In a model with endogenous regressors, heteroskedastic and autocorrelated (HAC) errors and weak instruments, tests that depend on the data only through the Anderson-Rubin (AR) and Lagrange Multiplier (LM) statistics ignore important information on the regression coefficients. This is in contrast to the homoskedastic case, where these statistics, together with the rank statistic, are one-to-one with the maximal invariant. The information loss with heteroskedastic and/or autocorrelated errors can be so extreme that the LM and conditional quasi-likelihood ratio (CQLR) tests have power close to size when it is trivial to distinguish the null from the alternative hypothesis. The severe loss of power can occur if the Hermitian part of the reduced-form covariance matrix has eigenvalues of opposite signs.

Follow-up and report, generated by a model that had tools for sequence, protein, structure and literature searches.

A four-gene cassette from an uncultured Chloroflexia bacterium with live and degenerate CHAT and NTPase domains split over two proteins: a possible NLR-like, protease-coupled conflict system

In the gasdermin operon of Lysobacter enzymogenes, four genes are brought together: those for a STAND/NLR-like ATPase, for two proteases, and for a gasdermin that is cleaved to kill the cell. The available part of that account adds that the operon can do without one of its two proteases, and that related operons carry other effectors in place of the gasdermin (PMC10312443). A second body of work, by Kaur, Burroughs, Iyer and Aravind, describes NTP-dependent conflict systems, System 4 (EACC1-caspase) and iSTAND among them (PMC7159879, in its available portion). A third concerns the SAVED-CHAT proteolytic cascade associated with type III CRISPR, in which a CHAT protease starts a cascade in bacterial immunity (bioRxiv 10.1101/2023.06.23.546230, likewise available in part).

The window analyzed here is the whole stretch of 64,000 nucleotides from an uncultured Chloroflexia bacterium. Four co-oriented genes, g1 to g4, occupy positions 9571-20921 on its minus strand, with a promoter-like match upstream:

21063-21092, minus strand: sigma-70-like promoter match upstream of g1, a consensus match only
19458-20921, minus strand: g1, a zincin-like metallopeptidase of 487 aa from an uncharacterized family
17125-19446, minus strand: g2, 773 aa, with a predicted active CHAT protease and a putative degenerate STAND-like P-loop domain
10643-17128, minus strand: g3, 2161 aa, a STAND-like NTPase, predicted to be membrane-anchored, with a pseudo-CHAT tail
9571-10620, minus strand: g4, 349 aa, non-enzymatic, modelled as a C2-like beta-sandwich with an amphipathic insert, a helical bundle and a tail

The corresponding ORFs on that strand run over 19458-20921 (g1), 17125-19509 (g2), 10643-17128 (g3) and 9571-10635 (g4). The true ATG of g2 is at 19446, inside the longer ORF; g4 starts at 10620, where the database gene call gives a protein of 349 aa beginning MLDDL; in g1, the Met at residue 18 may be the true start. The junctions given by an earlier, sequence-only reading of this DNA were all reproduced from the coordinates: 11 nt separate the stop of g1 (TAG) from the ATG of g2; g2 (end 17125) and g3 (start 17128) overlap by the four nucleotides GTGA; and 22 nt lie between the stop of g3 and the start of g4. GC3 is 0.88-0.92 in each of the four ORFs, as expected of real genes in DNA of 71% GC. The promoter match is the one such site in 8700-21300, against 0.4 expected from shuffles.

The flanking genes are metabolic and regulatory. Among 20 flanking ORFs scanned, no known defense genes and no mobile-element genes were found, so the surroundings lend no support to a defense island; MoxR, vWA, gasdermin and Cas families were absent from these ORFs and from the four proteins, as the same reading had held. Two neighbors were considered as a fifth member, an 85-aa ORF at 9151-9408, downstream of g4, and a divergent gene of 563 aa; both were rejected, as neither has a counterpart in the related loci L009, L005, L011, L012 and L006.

The conditional invariant likelihood (CIL) test proposed by Moreira and Ridder (2018) does not suffer this power loss. On the contrary, when the CQLR and LM tests fail, the CIL test can have power close to 1 under the alternative, even if its size is close to 0. This implies that the total variation distance between the null and subsets of the alternative is large, so that it is actually easy to distinguish between these hypotheses.
We also show that in the HAC-IV model, there are invariant statistics beyond the triad of AR, LM and rank statistics, so that the latter are not maximal invariant in the HAC case. We conclude that the popular LM and CQLR tests use data inefficiently if the equation errors are HAC.